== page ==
Genocide in Bosnia

Bosnian Genocide, 1992-1995

Posts Tagged ‘Bosnian Serbs

‘Ethnic Cleansing’ Continues in Serb-controlled Bosnia

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A Bosniak family was bomb-attacked by Serb men in Banja Luka… A Croat woman was grabbed from the streets in broad daylight and raped by a gang of Serb men… an elderly Croat woman was attacked in the city center by an assailant who cut off her ears and poked out her eyes… Adina, a 19-year-old Bosniak woman was raped on March 8 by four Serb men in military uniforms…

Gainesville Sun, p.8A
26 March 1994.
By John Pomfret

GASNICI, Croatia — Ismet Hrustanovic had an inkling something was going on in his back yard. The engineer’s puppy started yelping. Twigs and leaves crunched under the heavy feet of men in boots.

Next, a fusillate exploded into his two-story house. One bullet passed through his nose, into his eye socket and out near his ear. Another bored into his wife’s ankle. Several more punched holes in the wall near his 10-year-old son. A final blast killed the puppy.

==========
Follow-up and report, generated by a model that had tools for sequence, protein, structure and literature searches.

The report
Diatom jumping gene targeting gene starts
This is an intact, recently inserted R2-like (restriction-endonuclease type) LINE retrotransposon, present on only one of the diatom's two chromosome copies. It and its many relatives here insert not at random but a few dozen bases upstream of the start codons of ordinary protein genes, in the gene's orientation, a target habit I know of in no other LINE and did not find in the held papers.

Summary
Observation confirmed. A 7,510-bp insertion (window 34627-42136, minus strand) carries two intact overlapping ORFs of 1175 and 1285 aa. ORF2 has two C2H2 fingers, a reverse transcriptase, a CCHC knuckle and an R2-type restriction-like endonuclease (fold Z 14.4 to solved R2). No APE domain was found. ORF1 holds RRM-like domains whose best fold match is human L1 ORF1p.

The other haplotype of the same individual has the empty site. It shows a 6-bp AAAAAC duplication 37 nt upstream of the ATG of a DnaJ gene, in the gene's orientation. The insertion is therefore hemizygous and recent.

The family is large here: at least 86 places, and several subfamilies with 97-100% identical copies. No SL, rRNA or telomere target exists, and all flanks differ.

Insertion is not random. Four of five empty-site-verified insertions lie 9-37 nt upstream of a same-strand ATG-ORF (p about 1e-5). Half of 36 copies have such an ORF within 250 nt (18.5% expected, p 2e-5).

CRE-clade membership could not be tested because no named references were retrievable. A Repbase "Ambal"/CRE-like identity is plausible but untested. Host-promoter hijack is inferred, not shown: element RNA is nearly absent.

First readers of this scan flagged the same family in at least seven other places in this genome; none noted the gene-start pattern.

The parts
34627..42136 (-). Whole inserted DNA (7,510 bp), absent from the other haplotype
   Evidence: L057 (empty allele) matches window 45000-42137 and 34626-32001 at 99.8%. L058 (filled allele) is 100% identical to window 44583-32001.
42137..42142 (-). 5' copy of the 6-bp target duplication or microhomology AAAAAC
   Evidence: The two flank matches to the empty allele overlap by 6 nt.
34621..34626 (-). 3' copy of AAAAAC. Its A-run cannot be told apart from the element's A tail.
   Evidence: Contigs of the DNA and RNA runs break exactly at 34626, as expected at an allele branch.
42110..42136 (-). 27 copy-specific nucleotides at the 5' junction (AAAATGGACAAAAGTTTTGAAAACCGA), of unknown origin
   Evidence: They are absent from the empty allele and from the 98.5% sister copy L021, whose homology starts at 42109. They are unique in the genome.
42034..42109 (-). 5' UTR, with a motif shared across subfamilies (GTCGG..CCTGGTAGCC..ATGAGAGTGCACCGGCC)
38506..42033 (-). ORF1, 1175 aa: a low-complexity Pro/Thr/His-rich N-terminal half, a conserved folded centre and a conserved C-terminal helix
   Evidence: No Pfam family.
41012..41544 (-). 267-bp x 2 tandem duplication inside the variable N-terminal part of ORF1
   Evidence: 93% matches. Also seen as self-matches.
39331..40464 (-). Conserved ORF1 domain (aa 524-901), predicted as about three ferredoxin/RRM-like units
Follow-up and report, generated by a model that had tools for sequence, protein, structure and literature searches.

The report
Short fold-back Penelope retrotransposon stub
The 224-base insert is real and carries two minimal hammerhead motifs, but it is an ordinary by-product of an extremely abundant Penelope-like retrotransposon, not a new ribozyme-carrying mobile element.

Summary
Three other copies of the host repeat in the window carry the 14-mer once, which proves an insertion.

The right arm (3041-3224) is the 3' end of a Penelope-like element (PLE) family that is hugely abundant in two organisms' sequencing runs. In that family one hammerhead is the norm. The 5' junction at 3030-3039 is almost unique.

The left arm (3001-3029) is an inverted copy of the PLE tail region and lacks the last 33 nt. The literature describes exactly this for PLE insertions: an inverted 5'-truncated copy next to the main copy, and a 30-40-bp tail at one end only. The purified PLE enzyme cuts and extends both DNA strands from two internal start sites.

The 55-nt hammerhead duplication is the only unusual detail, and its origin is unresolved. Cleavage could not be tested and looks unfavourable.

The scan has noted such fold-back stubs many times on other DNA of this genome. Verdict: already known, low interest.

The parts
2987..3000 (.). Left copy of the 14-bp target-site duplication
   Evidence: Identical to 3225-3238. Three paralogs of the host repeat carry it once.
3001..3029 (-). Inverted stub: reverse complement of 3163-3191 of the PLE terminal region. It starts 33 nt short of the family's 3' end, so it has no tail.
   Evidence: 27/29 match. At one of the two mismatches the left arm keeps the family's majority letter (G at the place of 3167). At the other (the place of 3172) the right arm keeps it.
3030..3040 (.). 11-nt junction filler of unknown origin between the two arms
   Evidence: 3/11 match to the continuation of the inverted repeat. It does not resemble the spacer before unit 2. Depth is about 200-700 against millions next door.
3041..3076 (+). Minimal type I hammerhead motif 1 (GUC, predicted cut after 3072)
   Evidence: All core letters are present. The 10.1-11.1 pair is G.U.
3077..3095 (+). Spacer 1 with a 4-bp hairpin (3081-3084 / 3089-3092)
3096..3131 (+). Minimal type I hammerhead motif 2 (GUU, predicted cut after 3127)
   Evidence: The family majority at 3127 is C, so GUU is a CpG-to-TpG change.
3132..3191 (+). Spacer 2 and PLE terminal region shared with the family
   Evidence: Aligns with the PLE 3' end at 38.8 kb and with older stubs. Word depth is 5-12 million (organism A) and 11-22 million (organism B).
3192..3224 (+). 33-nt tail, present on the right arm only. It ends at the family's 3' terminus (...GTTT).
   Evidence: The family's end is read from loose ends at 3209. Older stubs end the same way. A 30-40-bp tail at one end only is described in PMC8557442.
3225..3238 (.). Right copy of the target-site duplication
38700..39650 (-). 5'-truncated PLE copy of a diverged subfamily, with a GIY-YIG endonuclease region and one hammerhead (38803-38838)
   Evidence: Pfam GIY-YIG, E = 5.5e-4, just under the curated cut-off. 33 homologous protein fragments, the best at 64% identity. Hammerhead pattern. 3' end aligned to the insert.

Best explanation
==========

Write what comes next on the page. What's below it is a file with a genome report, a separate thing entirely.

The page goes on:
This is how Hrustanovic, a Muslim [Bosniak], spent Monday, Jan. 31 — hunkered down with a bleeding face while his wife writhed in pain in their modest house in the Serb-held Banja Luka region of Bosnia. On Wednesday, they were evacuated from the region by the United Nations and the International Committee of the Red Cross. Read the rest of this entry »

Serbian Myth of Land 'Ownership' of Bosnia and Herzegovina

Special Report

Map of Bosnia, Ethnic Composition of Bosnia-Herzegovina in 1992

Peace Proposal Provides Serbs Disproportionate Share of Bosnia

By Amira Dzirlo
Washington Report on Middle East Affairs
January/February 1995, Page 16.

The “contact group” draft settlement for Bosnia proposes that the Serbs return to the Bosniaks and Croats about one-third of the Bosnian territory they have occupied. This means that the Serbs would be allowed to keep 49 percent of the territory of Bosnia. These terms have been accepted, reluctantly, by representatives of Bosnia’s Muslims and Croats, but not by the Bosnian Serbs. The unreasonableness of the Serb rejection of the settlement becomes even clearer with a brief review of the history of the Serb land-grab in Bosnia that began during and after World War I.